The rebranding of Facebook as Meta is a leap from social networking to development of a “metaverse”, also embracing Instagram, WhatsApp and the virtual reality brand Oculus, in an online universe where people can socialise, work, play games and trade virtually.
Facebook responds that some of the allegations are unfounded and complains about being singled out for criticism for sharing personal data across apps when rivals do the same.
The central issue is trust. Facebook needs to win back confidence.
Zuckerberg announces Facebook changing name to Meta to stress ‘metaverse’ plan
The question is whether it is listening to the conversation, or is pinning its faith in a rebrand to move on.
That would tend to reinforce what former employee and whistle-blower Frances Haugen has been saying: that the company does not listen, is out of touch and does what it pleases whenever it wants – regardless.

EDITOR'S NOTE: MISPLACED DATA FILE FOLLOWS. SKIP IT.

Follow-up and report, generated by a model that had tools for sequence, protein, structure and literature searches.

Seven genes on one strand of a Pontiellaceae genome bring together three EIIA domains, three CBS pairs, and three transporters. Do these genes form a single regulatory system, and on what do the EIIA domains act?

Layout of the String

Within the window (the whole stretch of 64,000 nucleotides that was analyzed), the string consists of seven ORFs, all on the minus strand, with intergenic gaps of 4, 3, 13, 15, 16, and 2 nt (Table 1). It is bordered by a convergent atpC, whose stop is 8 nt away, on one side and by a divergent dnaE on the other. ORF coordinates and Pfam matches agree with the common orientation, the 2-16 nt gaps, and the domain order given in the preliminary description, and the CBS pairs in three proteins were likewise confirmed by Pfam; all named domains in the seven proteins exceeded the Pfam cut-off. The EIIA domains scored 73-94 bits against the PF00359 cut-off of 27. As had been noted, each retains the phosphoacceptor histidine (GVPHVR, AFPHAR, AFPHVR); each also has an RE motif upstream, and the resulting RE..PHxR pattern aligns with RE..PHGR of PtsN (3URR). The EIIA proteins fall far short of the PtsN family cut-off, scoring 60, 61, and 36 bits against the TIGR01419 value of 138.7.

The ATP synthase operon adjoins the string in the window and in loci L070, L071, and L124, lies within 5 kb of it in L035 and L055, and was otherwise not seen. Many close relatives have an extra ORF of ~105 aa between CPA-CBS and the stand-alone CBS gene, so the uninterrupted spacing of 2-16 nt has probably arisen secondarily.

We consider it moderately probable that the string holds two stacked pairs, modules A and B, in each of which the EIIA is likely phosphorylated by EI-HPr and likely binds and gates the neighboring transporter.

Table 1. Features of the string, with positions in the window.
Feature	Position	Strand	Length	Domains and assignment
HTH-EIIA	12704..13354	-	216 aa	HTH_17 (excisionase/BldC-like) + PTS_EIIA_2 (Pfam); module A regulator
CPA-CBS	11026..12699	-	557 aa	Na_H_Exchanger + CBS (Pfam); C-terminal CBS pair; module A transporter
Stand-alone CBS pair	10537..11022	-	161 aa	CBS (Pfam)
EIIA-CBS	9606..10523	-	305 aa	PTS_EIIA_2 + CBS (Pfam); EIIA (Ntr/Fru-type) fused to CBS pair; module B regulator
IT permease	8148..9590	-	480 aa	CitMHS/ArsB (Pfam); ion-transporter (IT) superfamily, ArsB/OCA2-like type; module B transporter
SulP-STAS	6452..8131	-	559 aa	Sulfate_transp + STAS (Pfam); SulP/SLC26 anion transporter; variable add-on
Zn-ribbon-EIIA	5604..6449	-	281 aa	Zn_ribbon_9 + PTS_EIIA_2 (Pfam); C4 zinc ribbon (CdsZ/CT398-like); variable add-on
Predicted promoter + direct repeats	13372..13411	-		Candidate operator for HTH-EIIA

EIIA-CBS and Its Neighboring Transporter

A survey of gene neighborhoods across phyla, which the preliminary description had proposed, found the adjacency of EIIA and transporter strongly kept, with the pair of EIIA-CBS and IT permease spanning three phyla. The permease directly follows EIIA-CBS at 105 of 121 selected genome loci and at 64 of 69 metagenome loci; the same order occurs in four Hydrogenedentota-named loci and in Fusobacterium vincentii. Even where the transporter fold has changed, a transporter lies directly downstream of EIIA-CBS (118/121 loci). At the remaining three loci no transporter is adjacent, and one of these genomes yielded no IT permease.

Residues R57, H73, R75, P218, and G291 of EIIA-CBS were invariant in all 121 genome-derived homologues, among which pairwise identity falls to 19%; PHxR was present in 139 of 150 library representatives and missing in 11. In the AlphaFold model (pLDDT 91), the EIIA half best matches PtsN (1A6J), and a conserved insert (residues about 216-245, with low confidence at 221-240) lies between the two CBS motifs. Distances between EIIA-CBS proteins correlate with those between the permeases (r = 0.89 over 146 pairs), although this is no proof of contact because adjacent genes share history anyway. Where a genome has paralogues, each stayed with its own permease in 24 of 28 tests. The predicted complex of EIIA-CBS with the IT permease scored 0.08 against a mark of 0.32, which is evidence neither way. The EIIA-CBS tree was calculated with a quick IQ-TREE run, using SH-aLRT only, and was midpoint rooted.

That said, there are ample precedents for companies, including tech firms, reinventing themselves and reshaping their strategy to remain relevant. Google rebranded itself as Alphabet.
The papers have also shown the company is acutely conscious that younger users are turning to TikTok and other rivals.
Strategically, the rebrand, with a shift to augmented and virtual reality, has merit, even if there is a risk the vision may be premature.
However, Facebook should strive to avoid corrupting the new online world with the problems that have plagued social media.
As one of the world’s richest companies it has the resources to get it right. So any reluctance on its part would be quite wrong given the damage the social media network has done.
Facebook has pushed the notion it is a publisher so therefore a middleman not responsible for content.
If it delivers misinformation which, for example, undermines a public vaccination campaign it has to take ownership of the content.
We trust it will not try to shirk responsibility for a virtual world.